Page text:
I recently joined the Icons of European Taste Campaign, a promotional campaign funded by the European Union to celebrate the legendary quality, tradition, and taste of specific Italian products. I have kept an Italian kitchen for most of my married life, which is quickly closing in on fifty years. I have also had the opportunity to live in Italy, both full and part-time, for many years. My years living in Italy introduced me to its outstanding cuisine, which I quickly adopted in my own home. The essence of Italian cooking today is simplicity. One uses quality ingredients and basic cooking techniques to simply enhance the natural flavor of the food. Over the years, exploring Italy’s many unique regions eventually led to my food blog’s creation almost twenty years ago.
Most of our trips exploring Italy revolve around food, and some of our most enjoyable experiences involve visiting farms and small factories where famous Italian ingredients originate. Nothing gives you a better appreciation for an artisanal ingredient than to watch it being made step by step and to understand the strict policies governing its production. The two artisanal ingredients I was given to feature are Grana Padano cheese and Prosciutto di San Daniele. Both of these ingredients are world-renowned and are prevalent in many Italian kitchens. I use both ingredients regularly in my own kitchen in many of the dishes I prepare for family and friends. It is important to note that Grana Padano and Prosciutto di San Daniele are Protected Designation of Origin Products, a designation given by the EU to products with distinctive characteristics and heritage and only produced within specific regions and under strict quality and production guidelines.
Grana Padano Cheese – Grana Padano is a hard, Italian cheese made in Northern Italy, with a heritage dating back almost a thousand years old, when monks found an ingenious way to preserve the surplus milk they produced by making a cheese that could withstand the test of time. Grana Padano is the world’s best-selling PDO cheese and is always known by its full name; “Grana” due to its texture, “grana” means “grainy” in Italian, and “Padano” from the production area in the “Pianura Padana,” which is the Po River Valley in northern Italy. The PDO designation signifies that it is exclusively produced in this particular region in Northern Italy under strict guidelines.
It takes 15 liters of naturally semi-skimmed milk from the Po River Valley production area to produce a kilo of Grana Padano. Lactose-free due to its long aging and production method, this unique cheese has excellent nutritional qualities and a high concentration of vitamins, proteins, and minerals, especially calcium. Once matured for nine months, all Grana Padano wheels are examined, and if they pass the quality tests, they are fire-branded with a mark that guarantees the quality. It can then be sold immediately or aged for even over twenty months. When buying Grana Padano in the store, always look for the specific branding on the rind to ensure you are buying Italy’s real product. Grana Padano is an excellent cheese for snacking on, as a part of a cheese selection, and is also used grated on pasta or soups. Grana Padano is best stored in a fridge kept at temperatures around 4° C (39° F), wrapped in good quality cling-free plastic wrap or freezer bags to prevent drying. It is best not to store alongside other strong-flavored cheeses as this may compromise its flavor integrity.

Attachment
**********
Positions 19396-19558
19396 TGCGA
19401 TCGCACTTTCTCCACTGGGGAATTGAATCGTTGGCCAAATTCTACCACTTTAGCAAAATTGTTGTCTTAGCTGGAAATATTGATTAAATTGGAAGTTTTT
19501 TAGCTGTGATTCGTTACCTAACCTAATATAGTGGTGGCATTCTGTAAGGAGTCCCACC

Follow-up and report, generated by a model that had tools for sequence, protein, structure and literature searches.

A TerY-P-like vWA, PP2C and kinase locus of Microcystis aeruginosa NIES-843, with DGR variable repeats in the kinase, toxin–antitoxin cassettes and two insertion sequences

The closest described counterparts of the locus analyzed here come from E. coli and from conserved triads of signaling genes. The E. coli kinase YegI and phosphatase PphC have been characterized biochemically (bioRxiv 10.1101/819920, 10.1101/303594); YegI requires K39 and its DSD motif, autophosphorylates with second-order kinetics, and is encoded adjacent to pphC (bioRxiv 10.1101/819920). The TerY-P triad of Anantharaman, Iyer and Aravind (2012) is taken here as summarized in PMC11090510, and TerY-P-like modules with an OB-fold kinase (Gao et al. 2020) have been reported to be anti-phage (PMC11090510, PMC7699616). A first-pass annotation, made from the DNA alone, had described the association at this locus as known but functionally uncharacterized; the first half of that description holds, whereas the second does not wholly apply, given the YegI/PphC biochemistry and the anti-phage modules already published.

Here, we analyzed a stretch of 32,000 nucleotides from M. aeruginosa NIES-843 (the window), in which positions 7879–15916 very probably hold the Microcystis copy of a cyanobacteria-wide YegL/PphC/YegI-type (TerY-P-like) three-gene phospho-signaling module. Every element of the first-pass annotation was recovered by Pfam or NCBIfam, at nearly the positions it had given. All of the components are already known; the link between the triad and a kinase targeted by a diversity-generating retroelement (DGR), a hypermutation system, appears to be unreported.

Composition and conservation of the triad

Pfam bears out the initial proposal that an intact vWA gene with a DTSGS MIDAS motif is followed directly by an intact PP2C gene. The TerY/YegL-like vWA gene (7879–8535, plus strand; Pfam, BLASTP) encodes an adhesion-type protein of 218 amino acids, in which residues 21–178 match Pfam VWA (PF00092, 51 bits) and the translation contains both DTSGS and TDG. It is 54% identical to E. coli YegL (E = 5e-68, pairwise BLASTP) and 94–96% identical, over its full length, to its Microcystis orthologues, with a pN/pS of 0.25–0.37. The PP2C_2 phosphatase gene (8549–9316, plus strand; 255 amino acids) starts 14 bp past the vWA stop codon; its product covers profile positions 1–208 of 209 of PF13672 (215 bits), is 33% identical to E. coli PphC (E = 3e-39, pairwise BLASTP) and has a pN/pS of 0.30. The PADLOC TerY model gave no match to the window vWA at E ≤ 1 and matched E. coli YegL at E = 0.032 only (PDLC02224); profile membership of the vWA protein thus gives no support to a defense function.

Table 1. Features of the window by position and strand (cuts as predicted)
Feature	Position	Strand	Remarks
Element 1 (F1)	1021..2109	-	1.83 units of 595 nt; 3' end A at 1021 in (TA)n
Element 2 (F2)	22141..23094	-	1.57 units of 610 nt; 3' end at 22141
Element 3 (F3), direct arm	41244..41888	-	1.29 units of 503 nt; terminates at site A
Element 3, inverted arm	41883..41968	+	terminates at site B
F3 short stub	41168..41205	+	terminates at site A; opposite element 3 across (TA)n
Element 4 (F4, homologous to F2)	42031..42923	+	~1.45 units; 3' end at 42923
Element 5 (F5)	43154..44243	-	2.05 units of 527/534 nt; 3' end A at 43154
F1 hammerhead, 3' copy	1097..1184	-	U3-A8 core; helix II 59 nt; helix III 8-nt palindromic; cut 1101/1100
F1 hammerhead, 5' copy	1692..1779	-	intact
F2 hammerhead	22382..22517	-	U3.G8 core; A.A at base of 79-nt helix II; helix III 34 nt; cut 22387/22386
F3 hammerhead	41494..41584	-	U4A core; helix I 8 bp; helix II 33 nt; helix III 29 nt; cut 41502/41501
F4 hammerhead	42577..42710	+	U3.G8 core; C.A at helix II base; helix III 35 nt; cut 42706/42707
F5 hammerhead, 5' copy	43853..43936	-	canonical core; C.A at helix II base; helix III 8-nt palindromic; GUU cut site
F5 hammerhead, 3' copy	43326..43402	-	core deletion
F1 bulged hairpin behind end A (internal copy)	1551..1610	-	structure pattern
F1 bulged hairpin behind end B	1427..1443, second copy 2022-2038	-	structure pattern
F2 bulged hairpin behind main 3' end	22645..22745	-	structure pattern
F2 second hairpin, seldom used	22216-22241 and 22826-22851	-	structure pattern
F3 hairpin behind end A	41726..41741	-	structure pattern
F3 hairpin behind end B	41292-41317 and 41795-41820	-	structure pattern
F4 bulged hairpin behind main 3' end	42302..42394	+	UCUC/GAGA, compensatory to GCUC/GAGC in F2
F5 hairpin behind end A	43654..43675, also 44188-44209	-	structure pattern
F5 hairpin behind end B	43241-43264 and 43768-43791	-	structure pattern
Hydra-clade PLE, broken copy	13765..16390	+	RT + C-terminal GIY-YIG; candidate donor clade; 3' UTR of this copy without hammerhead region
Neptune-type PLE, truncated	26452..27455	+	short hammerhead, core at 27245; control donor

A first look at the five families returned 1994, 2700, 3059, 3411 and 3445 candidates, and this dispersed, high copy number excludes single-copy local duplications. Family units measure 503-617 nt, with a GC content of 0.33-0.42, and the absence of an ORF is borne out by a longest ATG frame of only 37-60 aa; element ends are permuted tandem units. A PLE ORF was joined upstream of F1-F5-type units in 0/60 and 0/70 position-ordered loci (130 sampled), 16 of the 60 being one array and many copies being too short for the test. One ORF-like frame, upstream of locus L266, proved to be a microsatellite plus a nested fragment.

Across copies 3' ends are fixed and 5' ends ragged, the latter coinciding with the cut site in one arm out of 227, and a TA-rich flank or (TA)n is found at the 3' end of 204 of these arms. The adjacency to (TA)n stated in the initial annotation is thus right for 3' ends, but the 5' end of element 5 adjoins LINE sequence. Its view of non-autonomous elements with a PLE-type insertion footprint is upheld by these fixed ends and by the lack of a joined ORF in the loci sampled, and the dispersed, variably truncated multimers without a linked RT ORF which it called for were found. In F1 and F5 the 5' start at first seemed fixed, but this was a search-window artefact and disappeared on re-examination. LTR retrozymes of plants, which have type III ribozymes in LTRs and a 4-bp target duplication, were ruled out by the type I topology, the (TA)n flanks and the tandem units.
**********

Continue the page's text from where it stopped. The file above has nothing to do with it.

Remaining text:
Prosciutto di San Daniele – In Italy, many different prosciutto types vary from region to region, but one of the most prestigious types is Prosciutto di San Daniele. Prosciutto di San Daniele is made from two ingredients: high-quality pork legs and sea salt. This particular artisanal prosciutto crudo is produced from start to finish in San Daniele, a small village in Italy’s northern region of Friuli Venezia Giulia, near Venice. The combination of air from the mountains and the Adriatic Sea makes the San Daniele area the perfect place to age prosciutto. Following the strict legal guidelines, a pork thigh can only be deemed Prosciutto di San Daniele DOP if three conditions are met. First, the pigs must be raised in only one of ten specific regions of central-north Italy. The pigs must also be raised in a specific traditional manner. Second, the producers must follow strict product specifications. And lastly, the aging of the prosciutto must take place in San Daniele.